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Northern village temples

(No.4, Vol.7,Aug-Sep 2017 Vietnam Heritage Magazine)


Inside the Bang Temple. Photo from the archive of Le Huu Truc


Bang Temple at the Dinh Bang Village, Bac Ninh Province. Photo: Le Huu Truc



Simple and elegant, unassuming but delicate, village temples feature all that is best in the traditional architecture of Vietnam. They showcase the purest Vietnamese architecture and fine art, which are rooted in and have always been a faithful continuation of Dong Son culture. They are a truthful and lively symbol, the quintessence of thousands of years of Vietnamese art.



Village temples, an expression of harmonious blending with nature, reflect the fact of Vietnamese life that gods are actively engaged in our world, and farming means cooperating with heaven and earth. Traditional folk architecture of Viet people expands horizontally and has a broad base, balanced and stable. Village temples are no exception. They demonstrate our ancestors’ wise attitude toward the living environment, taking control of and constraining nature’s harshness, and being flexible in taking advantage of favorable elements at the same time.
The temple location is chosen following strictly the principles of feng-shui because it is vital to the village’s existence. Big and impressive, the temple should not be heavy or depressing. It should have both gracefulness and solemnity.
The temple size must be proportionated to the ambient scenery because it is the face of the village. Double roof tiles make the roof thicker and heavier to withstand strong gusting winds, and at the same time keep it cooler inside. The roofs are expanded to lower the edges, preventing rain water from wetting those inside; thus there is no need for a surrounding wall. The stilted house motifs, and curved, lifted roof corners are typical for the temples of the northern delta region. It helps distinguish this architecture from that of other regions of Vietnam and beyond.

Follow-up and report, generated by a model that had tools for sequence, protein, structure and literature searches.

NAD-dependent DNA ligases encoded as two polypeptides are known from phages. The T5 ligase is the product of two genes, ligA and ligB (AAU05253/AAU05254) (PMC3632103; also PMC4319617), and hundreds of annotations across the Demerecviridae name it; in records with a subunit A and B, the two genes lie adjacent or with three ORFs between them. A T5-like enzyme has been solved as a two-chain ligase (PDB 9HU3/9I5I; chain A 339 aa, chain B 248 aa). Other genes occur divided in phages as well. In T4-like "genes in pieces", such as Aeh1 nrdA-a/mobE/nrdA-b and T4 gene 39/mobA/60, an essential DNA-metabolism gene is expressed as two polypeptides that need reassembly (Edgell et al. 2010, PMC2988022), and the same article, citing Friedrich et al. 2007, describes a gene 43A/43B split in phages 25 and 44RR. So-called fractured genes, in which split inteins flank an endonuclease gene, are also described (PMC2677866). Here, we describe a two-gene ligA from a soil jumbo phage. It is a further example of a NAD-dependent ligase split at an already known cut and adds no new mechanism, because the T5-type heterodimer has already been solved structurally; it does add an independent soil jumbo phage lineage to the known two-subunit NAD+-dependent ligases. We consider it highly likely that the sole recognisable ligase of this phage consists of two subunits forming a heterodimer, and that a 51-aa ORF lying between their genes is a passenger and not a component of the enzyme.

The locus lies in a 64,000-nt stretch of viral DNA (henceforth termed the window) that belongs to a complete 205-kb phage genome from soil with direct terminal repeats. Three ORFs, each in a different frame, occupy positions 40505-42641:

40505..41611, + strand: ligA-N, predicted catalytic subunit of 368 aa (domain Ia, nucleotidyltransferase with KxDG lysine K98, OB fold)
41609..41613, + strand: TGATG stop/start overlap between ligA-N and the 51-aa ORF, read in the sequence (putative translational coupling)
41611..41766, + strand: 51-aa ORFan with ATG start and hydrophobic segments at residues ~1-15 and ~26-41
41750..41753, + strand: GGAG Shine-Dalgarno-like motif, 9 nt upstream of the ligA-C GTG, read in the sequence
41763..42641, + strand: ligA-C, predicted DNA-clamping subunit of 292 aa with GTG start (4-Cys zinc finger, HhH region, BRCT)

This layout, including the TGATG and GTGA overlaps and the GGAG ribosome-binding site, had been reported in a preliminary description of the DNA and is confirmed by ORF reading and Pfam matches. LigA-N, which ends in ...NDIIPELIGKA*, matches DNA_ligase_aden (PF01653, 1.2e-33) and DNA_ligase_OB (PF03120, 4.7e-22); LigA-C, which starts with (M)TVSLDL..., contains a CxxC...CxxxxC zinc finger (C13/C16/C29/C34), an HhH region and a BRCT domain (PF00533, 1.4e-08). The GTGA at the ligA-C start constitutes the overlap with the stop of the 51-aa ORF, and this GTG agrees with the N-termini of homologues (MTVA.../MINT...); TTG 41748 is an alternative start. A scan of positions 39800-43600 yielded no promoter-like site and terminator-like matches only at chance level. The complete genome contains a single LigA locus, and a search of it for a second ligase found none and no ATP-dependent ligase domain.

The roofs are the most interesting part of a temple. The corner ridges are curved like boat prows, making the whole structure look graceful and much lighter, as if flying. The horizontal roof and floor tiling of a temple makes it a part of the surrounding scenery. The overall structure is sophisticated while, wherever possible, the details such as beams and pillars are left in natural simplicity. Under expanded roofs the temple looks inclusive, protecting and comforting.
Village temple aesthetical motives carry unique and distinct traditional cultural values. They are taken intuitively by simple-hearted folk artisans from their everyday peasant life. In their creation, the artist-peasants are not constrained by any academic rules or standards. They use their skillful hands and freedom of imagination and expression to reflect and describe reality, bringing community comfort.
Many carving and relief techniques are employed to express their vision, which is direct, simple, humorous, at times spontaneous and immediate like that of children. The peasant-artist loves curves, and symmetry, with slow and soft variations. The ideas come from nature. Symmetry is present in lay-outs and designs, while carvings and reliefs are always crowded, as farmers love fertility, reproduction and growth.
An interesting fact is that some village temple wood carvings bear very modern features, usually seen only in western contemporary sculpture. The chess game relief at Ngoc Canh Temple reverses the far-near order, as if seen from above, from inside, and each character conforms to its own space and time limits. The fish-catching cat at Binh Luc Temple is chiseled with rude, harsh strokes like in expressionism. A large number of reliefs put in big strong frames are used to fill architectural blanks. Sculpture does not override, but rather, enhances architecture, making the temples all the more picturesque and spiritual.

*Le Huu Truc is an architect


By Le Huu Truc
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